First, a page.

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LA to become biggest city to ban plastic bags on Jan. 1

A bill that would make California the first to impose a statewide ban on single-use plastic bags at certain retail stores has passed a key legislative committee.
Kevork Djansezian/Getty Images
A ban on single-use plastic grocery bags takes effect in Los Angeles on Jan. 1. The law initially extends to major grocery chains such as Ralph's.

Starting Jan. 1, large grocery chains in Los Angeles can no longer offer plastic shopping bags at the checkout line.  And while paper bags will still be an option, shoppers who request them will have to pay 10 cents per bag.

The changes are part of a new city ordinance geared at pushing Angelenos toward reusable bags. 

"The reason for doing this is to protect our environment," said Daniel Hackney, special projects manager at the city's Bureau of Sanitation.

Hackney said that it's hard to quantify how much banning plastic bags will reduce the waste stream, but "probably the No. 1 item we find in catch basins around town is grocery store plastic bags."

LA is the largest city in the country to adopt a plastic bag ban, and joins 90 other communities statewide that already have similar laws including Long Beach, Glendale, Pasadena and Santa Monica.  

The LA ban will initially apply to thousands of chain stores across the city ranging from traditional supermarkets such as Von's and Food-4-Less to retailers that sell groceries like Target and Wal-Mart.

Thousands more convenience stores and independent groceries will have until July 1 to abide by the new ordinance because they're smaller and have fewer resources than the chains, Hackney said.

Outside the Ralph's in Silver Lake, shoppers were alerted to the upcoming change by signs at the entrance. Response was mixed. Nicole Richards said that she uses plastic bags to line the kitty litter box, and will have to find an alternative when the ban takes effect. But she supports the new law. 

"I think in the long run, I think it's going to be much better for the environment," Richards said.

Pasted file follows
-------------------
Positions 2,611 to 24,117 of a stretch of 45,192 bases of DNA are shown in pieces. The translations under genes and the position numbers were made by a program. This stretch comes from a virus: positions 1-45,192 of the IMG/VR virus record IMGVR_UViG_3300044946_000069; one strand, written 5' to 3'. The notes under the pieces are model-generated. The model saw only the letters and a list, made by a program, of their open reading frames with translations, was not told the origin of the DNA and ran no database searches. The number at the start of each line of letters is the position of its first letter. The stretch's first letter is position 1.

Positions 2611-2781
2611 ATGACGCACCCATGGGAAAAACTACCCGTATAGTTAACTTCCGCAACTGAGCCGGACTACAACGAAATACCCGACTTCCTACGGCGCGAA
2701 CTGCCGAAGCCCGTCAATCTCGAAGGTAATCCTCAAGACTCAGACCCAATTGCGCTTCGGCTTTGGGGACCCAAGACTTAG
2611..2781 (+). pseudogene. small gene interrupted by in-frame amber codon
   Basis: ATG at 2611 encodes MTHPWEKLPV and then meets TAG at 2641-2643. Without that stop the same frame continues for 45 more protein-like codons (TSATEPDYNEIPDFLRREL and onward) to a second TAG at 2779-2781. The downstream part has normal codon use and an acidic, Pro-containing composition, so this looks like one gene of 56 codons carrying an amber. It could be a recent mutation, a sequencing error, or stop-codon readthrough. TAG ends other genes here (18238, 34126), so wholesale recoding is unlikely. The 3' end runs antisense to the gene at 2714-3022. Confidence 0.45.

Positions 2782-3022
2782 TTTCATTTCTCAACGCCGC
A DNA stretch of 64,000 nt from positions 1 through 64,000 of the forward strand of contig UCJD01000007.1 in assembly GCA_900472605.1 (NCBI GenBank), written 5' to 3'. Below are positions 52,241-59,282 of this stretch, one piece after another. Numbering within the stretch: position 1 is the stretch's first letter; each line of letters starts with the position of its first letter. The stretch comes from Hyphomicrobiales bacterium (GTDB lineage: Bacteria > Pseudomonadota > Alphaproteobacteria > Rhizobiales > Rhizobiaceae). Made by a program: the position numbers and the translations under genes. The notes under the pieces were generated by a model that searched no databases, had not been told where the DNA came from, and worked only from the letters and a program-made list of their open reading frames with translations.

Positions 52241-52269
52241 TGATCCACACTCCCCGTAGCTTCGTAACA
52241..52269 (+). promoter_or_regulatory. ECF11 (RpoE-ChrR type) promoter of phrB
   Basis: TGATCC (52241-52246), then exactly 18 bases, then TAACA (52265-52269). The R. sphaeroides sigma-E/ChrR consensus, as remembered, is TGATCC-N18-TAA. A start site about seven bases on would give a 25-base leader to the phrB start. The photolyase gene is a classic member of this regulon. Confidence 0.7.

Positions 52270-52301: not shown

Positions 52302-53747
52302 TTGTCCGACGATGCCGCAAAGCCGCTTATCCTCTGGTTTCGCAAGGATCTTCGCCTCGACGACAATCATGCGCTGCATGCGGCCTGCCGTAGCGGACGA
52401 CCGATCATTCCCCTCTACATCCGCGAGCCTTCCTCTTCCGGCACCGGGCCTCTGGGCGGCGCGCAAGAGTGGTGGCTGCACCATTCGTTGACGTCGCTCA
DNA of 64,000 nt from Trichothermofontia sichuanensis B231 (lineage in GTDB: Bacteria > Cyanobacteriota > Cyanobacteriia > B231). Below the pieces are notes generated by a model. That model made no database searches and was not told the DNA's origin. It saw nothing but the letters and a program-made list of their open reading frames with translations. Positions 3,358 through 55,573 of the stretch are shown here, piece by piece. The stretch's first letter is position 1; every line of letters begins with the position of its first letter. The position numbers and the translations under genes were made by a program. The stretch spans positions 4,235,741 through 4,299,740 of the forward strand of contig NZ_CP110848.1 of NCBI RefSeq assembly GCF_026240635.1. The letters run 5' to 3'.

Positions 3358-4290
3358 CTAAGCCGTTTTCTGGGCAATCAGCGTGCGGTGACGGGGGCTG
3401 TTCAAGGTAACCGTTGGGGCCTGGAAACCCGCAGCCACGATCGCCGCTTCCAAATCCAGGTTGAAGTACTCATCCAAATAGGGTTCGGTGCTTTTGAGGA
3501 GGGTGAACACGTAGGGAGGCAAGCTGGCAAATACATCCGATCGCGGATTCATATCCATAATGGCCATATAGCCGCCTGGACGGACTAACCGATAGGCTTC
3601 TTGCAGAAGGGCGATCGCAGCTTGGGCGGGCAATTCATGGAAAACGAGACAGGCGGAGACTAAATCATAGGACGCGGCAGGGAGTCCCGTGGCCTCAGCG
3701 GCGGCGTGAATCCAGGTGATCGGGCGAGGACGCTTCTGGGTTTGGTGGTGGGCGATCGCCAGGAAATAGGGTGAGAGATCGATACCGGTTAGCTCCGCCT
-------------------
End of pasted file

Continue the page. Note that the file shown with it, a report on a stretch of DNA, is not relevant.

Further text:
Alex Bravo, on the other hand, said he doesn't understand why he should have to pay for a paper bag if he wants one.

"Customers should be entitled to bags," said Bravo, whose household uses plastic bags to line trash cans. "They're already putting money into the store."

The City Council passed the plastic-bag ban in June after a years-long debate over its merits pitted clean-water advocates against the plastic-bag making industry.

Cathy Browne, general manager for plastic-bag maker Crown Poly in Huntington Park, said that the new ordinance could jeopardize jobs at its facility, where about 300 people work now.

"We have stopped growing and we are not going to invest in new jobs," Browne said.

Browne added that ban is not good for commerce in LA. Businesses could be harmed if some customers opt to shop in a neighboring city without a ban, she said. Meanwhile, shoppers who go into a store without any bags will have to pay fees to carry their groceries out.

"It's like a money grab, legislators wanting to be green and get their name in the press, and then everybody forgets about it," Browne said.

But Councilmember Paul Koretz countered that "the fact that we're doing this will get a lot of attention and we hope it will be replicated across the country."

Koretz said the city has been working diligently to raise awareness about the new law to make sure no one is caught off guard.

In addition, the council put in some provisions that exempt lower-income Angelenos from having to pay for paper bags if they need them.

Participants from which programs are exempted from plastic-bag ban?

As a way to jumpstart the program, the city is offering free reusable bags through the Bureau of Sanitation, and through the offices of council members.